Thursday, June 30, 2011

Copa América 2011

One of the most interesting tournaments this year starts tomorrow: the South American championships, or Copa América 2011. It will be hosted in Argentina, and the groups are as follows:

Group A:
  • Argentina
  • Bolivia
  • Colombia
  • Costa Rica
Argentina are undoubtfully huge favourites playing at home, with a team full of stars, led by the magician Lionel Messi, and hungry to win a trophy they have not had since 1993. Colombia will be an interesting team to watch; they play good football, but have always suffered from a lack of scoring ability, something they will be hoping to remedy with FC Porto's goal machine, Radamel Falcao.
Bolivia and Costa Rica are probably not expected much from Costa Rica is participating by invitation and with a youth team.

Group B:
  • Brazil
  • Paraguay
  • Ecuador
  • Venezuela
Brazil has won the tournament four of the last five times, and with a new and interesting side under Mano Menezes will be looking to playing some more charming football than they did during the world cup.
Paraguay are always a strong team of seasoned players from strong clubs in Europe and South America, and will undoubtfully prove difficult to defeat, and may even be qualified as a dark horse in the tournament.
In the meantime, Ecuador and Venezuela will have to play their best. Both are teams that are growing, and perhaps looking more for a possible classification for the 2016 World Cup.
Personally, I will eagerly watch my current country, Venezuela, with curiosity and a small "Vinotinto"-heart, hoping that I will be here to see Venezuela do great things in football (I usually have a good football karma on the countries I live in).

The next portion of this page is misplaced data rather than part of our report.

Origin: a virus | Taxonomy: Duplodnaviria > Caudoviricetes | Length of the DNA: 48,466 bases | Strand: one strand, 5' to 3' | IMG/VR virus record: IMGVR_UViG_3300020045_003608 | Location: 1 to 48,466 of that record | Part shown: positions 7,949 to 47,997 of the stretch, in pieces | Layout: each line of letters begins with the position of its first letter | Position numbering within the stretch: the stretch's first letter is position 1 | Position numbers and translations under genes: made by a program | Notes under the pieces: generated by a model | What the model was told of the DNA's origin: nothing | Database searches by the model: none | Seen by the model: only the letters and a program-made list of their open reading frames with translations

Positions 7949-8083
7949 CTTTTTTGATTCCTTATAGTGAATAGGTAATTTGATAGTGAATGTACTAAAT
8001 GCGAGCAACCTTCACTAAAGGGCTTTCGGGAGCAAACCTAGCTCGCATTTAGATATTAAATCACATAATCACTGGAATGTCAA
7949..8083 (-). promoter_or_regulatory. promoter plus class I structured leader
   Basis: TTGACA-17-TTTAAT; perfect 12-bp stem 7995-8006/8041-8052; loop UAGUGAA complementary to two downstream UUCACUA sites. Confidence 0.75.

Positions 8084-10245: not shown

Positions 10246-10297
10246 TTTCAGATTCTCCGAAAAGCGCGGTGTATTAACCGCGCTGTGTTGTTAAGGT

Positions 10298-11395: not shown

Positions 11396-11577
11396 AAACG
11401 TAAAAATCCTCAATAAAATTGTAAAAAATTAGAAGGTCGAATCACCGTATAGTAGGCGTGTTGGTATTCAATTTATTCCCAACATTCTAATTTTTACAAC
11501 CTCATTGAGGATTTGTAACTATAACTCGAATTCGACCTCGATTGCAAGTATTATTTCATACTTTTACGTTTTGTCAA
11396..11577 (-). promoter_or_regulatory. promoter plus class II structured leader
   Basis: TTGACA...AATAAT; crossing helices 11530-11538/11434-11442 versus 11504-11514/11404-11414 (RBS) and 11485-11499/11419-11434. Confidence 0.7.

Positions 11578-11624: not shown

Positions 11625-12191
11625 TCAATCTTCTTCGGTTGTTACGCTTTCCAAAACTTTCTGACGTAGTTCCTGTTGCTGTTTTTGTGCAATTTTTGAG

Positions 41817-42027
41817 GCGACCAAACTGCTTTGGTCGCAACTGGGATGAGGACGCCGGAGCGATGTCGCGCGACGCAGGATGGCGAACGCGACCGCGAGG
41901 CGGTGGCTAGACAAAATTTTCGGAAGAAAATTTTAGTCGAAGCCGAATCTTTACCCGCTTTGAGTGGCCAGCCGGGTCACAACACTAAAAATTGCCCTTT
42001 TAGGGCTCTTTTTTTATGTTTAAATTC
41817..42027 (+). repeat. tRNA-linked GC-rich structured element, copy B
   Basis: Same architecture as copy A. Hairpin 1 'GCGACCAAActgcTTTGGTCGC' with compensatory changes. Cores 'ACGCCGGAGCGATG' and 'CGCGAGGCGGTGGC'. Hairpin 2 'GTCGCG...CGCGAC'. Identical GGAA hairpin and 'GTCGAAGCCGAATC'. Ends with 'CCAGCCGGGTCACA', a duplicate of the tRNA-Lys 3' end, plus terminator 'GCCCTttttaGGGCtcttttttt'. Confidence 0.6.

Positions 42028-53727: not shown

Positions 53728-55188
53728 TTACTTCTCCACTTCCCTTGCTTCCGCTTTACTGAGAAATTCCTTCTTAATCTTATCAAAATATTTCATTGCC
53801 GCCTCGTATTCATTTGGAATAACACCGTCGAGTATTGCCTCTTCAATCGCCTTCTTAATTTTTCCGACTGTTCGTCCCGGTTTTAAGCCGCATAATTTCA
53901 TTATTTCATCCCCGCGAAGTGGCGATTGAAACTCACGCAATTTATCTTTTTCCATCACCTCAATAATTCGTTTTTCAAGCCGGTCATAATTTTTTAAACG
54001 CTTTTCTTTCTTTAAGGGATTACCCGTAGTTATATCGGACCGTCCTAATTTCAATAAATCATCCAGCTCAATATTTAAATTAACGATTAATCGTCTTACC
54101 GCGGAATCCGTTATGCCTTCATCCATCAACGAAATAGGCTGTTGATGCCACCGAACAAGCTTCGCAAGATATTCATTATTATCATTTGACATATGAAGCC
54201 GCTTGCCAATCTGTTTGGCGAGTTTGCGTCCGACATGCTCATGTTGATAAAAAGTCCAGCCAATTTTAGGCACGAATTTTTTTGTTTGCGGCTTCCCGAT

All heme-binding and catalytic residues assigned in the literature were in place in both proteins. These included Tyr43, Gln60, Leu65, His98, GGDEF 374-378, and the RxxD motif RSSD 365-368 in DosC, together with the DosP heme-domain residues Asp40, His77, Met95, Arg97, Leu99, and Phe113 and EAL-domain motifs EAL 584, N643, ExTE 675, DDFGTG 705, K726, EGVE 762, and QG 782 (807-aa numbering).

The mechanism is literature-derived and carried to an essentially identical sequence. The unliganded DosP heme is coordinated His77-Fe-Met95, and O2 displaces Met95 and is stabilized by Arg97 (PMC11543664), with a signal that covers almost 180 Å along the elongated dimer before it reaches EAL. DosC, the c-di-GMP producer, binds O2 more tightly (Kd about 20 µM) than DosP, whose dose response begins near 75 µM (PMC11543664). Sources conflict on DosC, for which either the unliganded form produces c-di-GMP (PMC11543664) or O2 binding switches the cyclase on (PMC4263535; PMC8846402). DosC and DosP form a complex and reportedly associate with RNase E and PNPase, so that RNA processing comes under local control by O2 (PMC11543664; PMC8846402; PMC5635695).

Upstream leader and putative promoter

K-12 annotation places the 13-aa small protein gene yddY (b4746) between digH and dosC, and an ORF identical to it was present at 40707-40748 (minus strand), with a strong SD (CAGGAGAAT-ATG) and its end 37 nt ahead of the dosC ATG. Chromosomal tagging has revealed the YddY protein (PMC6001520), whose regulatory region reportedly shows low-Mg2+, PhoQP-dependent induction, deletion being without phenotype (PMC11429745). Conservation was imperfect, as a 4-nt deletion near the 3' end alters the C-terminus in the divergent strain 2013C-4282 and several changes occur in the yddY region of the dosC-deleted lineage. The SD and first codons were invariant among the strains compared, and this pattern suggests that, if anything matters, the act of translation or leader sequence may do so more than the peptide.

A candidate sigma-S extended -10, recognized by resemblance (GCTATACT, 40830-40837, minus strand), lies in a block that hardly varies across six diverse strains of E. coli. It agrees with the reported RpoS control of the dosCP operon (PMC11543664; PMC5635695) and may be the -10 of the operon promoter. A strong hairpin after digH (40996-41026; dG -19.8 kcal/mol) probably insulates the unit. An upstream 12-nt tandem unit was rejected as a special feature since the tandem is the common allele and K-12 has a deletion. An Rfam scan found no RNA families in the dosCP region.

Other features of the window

Group C:
  • Uruguay
  • Chile
  • Peru
  • Mexico
Uruguay was the best South American side at the 2010 World Cup, and arrive in Argentina with almost the same seasoned side. While their 2010 star, Diego Forlán, has not been in his best form lately, they have other strikers who have been spreading fear amid European defenses, such as Luis Suarez from Liverpool and Edison Cavani from Naples. With a solid midfield and defense, led by Fenerbahce's Diego Lugano, Uruguay should undoubtfully be counted as one of the favourites for the title.
Chile will be interesting to watch, now under a new coach Claudio Borghi, after Marcelo Bielsa left. They still have a stong side, where everyone should look forward to see Udinese's highly demanded Alexis Sánchez.
Mexico, newly winners of the Gold Cup, is also participating by invitation, and largely with a youth team who had eight players sent home last week after a ladies night out.
Perú is very weakened by the fact that both of their biggest stars, Schalke 04´s Jefferson Farfán and Werder Bremen's Claudio Pizarro are out with injuries. They will surely have a difficult time.

Anyway, everyone should look forward to some splendid South American football over the next few weeks!

Monday, June 27, 2011

This cannot be!

I am not a fan of the team, but know about football, so: How in the world can it be that River Plate, RIVER PLATE, has been relegated!?!?!!? After some meager years, this last tie 1-1 against Belgrano sealed the Argentinean giants' darkest chapter.